Running, Losing Weight and your Creaky Knees

Running and Your Creaky Knees

I was very flattered to be approached by “ABC Drive with Geoff Hutchinson” to comment on an article that was published about running being Not “bad for your knees”! Indeed regular running at a distance you are fit enough for is actually good for keeping your knees healthy.

Regular listeners to “Drive” will know that Geoff is trying to lose weight and running is a great way of exercising to get your heart rate up and burn a few quick calories. But people who want to lose weight by running often run into trouble (excuse the pun) by being limited by knee pain that starts not long after they start their running.

I consider myself fortunate that I have a life that means I am on my feet all day and never stop, so I have never had to lose weight. (Although on reflection I am not sure how fortunate it is; I don’t have time to sit down, ever). But I did decide to go back to playing hockey this year, which is a lot of sprinting and changing direction, putting pressure on my left knee. For the first time in my life, I felt the early arthritis signs of tightness in my knee when squatting and a clunky knee cap. By following the “rules of training” I was able to get through the season injury free!

As I explained on the radio, the easiest things you can do is make sure you have 2 days rest in between impact sessions. So if you run on a Monday, don’t run again until Thursday. 2 solid and challenging sessions are far better than 3 tentative sessions.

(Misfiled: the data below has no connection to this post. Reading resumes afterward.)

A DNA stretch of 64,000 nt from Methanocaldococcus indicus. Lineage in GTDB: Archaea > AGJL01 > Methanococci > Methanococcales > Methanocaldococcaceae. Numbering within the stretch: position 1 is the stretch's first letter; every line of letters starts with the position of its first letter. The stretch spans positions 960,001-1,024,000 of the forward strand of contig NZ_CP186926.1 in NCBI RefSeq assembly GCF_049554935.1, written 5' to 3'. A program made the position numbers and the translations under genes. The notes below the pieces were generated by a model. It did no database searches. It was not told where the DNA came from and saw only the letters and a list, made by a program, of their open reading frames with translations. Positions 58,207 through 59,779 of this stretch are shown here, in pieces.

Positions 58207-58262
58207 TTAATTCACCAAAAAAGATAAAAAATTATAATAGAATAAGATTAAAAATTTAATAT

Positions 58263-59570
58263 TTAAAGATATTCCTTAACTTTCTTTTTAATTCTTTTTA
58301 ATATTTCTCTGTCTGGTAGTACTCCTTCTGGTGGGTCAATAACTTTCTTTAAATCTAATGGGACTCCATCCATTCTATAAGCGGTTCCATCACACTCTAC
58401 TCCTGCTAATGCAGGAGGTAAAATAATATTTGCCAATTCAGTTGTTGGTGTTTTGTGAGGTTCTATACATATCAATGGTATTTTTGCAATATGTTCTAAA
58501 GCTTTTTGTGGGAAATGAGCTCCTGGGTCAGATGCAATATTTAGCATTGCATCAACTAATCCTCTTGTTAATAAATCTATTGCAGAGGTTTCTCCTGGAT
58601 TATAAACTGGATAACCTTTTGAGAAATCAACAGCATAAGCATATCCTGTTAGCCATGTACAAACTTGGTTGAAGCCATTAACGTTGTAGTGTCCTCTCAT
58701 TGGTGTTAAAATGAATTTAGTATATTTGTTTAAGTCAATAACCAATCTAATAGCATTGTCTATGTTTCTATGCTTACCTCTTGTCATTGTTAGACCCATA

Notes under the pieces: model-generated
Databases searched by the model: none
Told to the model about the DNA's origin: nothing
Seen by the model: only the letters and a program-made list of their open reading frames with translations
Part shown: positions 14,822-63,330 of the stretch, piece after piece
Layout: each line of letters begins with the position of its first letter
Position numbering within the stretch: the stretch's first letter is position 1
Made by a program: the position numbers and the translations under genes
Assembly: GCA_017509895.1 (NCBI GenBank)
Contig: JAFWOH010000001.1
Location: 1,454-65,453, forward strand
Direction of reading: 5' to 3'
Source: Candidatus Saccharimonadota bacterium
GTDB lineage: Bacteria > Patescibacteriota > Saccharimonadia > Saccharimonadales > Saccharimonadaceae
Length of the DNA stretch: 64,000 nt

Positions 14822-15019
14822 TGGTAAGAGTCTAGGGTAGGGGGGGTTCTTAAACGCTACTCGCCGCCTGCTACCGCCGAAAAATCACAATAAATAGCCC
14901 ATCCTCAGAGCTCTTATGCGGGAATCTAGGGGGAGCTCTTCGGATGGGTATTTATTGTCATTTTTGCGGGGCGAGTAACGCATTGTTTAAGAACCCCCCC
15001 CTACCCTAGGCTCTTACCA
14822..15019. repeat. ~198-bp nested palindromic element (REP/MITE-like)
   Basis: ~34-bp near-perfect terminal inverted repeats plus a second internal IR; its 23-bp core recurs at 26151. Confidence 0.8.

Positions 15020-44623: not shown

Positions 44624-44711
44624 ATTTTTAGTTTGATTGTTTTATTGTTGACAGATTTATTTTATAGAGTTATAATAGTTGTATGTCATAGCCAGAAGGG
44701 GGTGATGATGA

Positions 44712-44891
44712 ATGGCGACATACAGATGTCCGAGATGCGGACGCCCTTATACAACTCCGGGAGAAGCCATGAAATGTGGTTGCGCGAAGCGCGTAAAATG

Also you have to understand the amount of impact involved in different exercise. Swimming is zero impact, cycling 1.5 x body weight, walking 3 x body weight, running 9 x body weight. So during the 2 rest days, to keep exercise up when trying to lose weight, go swimming or cycling as it won’t bother your knees. Also there will obviously less impact the more weight you lose.

You have to remember that pain during exercise and the next day is OK and almost to be expected. You want to pain to be 2-3/10 intensity, or in other words, at a level that is acceptable to you. This low grade pain indicates your body is being stimulated to become stronger, but too much pain indicates you have been overloaded. If too much pain is the case, then you need to reduce your time and/or intensity next time you run.

So don’t be afraid of running, there are ways to work yourself up to being strong enough. If you need help to develop a program or need a knee fixed so you can start running, book into Active Solutions Physiotherapy.

Click on the links below to book online for a physiotherapy assessment and treatment or give us a call on 0438 648 884.

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